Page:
The plaintiff filed a complaint against the defendant for sustaining personal injury due to a trip and fall accident. The plaintiff tripped and fell while walking on the sidewalk near the premises of the defendant. According to the complaint, plaintiff accuses the defendant of negligence for allowing the defect to remain on the sidewalk. The plaintiff alleges that the sidewalk has an uneven portion thus making it unsafe for anyone who passes by.
The plaintiff was a taxi driver who tripped on the alleged defective sidewalk and fractured his arm. The defendants were the owners of the building. Therefore, they also own the sidewalk within the building premises.
According to the statement of the plaintiff, he was just walking along the sidewalk near the building when he tripped on an uneven part of the sidewalk and fell on the ground. The plaintiff cited the tenants of the building as the negligent parties since they did not do anything to the sidewalk even though it had a defect.
The defendant contested the allegations of the plaintiff and said that the tenants of the building should not be held responsible since they did not cause the defect on the sidewalk. They also do not know of any law that was broken which delegated the tenants of the building to maintain and repair any defects found on the sidewalk.
The tenants also asserted that they are not covered by the city administrative code which states that the owner of the physical property was required to maintain and ensure the safety of the sidewalk. Since the tenants are not the owners of the property, they are not required to maintain and ensure the safety of the sidewalk. The tenants have submitted lease agreements as proof that they did not own the building in question. The plaintiff had no evidence that the tenants created the defect on the sidewalk. The plaintiff also could not establish that the tenants made any existing defect even worse.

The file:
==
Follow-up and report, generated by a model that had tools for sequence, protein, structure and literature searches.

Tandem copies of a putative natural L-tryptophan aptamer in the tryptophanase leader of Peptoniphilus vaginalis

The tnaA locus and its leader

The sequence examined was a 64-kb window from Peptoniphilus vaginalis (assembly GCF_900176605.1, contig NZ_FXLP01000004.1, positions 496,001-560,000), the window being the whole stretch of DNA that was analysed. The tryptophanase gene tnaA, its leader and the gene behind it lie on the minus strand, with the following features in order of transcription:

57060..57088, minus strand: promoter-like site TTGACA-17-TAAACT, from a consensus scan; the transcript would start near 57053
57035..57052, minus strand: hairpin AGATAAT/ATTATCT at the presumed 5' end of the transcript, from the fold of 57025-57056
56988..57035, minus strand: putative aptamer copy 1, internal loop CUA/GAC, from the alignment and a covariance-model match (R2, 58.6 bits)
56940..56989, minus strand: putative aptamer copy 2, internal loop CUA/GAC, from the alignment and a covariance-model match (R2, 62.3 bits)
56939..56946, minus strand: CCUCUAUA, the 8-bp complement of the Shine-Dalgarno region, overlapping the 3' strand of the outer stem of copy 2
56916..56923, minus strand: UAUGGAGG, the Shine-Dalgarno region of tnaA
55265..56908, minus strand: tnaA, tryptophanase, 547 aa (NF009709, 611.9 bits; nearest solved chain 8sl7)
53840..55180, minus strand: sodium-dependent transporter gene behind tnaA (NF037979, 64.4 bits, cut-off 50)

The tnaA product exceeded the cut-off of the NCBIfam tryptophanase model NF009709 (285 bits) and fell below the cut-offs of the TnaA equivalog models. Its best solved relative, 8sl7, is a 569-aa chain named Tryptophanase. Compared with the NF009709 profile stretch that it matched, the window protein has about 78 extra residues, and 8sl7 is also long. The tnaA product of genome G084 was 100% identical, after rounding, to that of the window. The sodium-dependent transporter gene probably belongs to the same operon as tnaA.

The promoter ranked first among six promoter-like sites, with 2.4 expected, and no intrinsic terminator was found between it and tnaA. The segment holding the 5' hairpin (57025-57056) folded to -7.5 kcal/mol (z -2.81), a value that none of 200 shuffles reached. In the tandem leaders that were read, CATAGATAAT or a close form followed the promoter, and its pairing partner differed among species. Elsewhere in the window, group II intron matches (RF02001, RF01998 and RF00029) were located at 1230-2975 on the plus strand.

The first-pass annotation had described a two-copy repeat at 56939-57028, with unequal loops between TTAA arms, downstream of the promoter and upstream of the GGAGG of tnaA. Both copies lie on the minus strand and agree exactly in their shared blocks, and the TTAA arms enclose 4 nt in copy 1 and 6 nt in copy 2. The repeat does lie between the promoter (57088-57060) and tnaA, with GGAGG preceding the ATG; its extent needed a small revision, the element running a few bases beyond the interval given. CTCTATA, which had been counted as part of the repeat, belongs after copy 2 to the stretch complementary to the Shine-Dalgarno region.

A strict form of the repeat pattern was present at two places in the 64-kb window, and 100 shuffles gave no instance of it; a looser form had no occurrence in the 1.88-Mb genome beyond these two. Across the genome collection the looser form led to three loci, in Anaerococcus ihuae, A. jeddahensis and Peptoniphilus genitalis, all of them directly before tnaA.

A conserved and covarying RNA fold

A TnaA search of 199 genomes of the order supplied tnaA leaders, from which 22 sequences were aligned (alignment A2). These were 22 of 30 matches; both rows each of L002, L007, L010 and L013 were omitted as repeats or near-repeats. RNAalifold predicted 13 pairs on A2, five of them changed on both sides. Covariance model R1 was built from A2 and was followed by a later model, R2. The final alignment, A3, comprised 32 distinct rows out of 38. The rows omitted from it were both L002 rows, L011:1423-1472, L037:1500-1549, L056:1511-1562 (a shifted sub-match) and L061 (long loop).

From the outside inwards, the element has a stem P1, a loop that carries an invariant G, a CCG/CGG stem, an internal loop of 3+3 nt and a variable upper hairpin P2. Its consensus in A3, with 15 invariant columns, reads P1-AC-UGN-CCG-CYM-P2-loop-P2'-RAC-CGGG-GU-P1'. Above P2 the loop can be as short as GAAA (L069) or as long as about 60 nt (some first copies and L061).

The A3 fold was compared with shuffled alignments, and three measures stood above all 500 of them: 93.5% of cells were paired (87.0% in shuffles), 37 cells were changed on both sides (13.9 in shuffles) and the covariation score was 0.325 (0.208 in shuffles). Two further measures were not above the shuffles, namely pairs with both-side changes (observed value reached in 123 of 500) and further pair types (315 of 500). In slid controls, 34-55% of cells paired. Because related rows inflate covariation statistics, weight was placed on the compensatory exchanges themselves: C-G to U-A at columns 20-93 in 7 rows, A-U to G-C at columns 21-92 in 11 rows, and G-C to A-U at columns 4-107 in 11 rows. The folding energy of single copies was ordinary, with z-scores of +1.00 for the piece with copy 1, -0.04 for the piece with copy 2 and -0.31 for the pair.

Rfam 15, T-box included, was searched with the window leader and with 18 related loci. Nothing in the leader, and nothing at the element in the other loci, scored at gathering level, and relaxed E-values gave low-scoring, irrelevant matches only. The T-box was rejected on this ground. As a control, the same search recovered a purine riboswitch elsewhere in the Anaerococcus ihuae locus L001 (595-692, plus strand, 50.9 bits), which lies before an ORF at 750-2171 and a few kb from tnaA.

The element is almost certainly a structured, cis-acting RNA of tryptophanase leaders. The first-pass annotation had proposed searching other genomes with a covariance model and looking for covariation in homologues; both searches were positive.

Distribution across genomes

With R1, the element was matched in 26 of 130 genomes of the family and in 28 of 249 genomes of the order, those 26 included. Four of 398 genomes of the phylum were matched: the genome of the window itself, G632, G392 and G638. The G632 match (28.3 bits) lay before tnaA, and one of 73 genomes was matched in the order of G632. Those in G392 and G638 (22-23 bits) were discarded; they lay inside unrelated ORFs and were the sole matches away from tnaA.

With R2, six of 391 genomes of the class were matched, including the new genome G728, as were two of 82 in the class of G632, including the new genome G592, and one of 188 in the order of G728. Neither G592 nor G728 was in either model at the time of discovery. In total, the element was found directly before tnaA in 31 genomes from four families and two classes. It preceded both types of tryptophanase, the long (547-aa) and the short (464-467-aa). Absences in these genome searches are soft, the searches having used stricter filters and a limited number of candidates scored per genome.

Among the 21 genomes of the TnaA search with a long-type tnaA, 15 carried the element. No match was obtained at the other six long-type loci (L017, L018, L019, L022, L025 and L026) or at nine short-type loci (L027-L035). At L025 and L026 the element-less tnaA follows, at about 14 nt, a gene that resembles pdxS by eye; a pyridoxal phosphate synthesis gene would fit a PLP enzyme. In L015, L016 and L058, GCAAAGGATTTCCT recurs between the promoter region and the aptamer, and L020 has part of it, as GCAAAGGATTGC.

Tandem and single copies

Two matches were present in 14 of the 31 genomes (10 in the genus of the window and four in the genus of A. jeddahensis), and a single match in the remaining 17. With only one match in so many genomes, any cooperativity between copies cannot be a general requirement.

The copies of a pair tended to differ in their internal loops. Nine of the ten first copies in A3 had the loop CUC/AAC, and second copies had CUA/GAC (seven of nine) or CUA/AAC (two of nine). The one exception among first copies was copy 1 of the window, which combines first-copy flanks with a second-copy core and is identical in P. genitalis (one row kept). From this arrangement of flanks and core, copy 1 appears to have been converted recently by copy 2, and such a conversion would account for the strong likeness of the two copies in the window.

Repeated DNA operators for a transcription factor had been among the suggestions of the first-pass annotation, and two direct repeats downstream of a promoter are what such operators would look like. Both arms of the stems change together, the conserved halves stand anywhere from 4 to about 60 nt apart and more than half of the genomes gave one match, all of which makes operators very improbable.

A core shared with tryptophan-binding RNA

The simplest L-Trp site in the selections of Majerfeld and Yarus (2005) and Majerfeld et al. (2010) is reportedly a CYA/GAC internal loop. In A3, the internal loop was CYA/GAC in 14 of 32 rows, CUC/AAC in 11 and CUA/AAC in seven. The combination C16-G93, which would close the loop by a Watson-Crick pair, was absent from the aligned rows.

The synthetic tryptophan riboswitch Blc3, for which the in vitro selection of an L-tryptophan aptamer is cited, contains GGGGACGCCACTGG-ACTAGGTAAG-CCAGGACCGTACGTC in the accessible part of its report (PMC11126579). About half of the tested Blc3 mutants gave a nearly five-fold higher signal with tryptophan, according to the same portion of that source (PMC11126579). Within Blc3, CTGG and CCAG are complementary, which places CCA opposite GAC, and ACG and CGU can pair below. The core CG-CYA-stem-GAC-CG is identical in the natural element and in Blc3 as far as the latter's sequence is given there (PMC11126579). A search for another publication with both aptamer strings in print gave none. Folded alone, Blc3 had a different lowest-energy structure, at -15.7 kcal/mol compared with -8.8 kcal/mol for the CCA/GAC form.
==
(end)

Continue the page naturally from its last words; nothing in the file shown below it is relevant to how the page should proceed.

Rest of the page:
The counsel for the plaintiff has said the original lease agreement was not submitted in this case. The plaintiff has also declared that no sufficient proof was presented to support the defendant’s motion for summary judgment. The defendant provided only an affidavit from the legal counsel.
The co-defendant in this case is the owner of the building. The owner affirms that the motion for summary judgment was still premature. The building owner wants to know more about how the accident happened. The counsel of the building owner has declared that there may be more vital information which the plaintiff might have if the motion to dismiss the case was denied.
According to the provisions of the law, an abutting owner of a property should not have any liability for injuries sustained by someone who was just passing by on a defective sidewalk. The owner will only be liable for damages if the owner has caused the defect either by making special use of the sidewalk.
The administrative code of the city provides the responsibility to maintain and repair sidewalks on the property owners. Liability is also imposed on the abutting owners if any of them violates the statute and causes a breach of duty.
In this regard, the court finds that the tenant can only be liable to damages if it was the owner of the property. Despite the existence of these provisions, the defendant has failed to establish sufficient evidence since only a counsel affidavit was presented to the court. The defendant also failed to get the testimony of a witness or a person who knows the information. The affidavit is not considered by law as sufficient basis for summary judgment.
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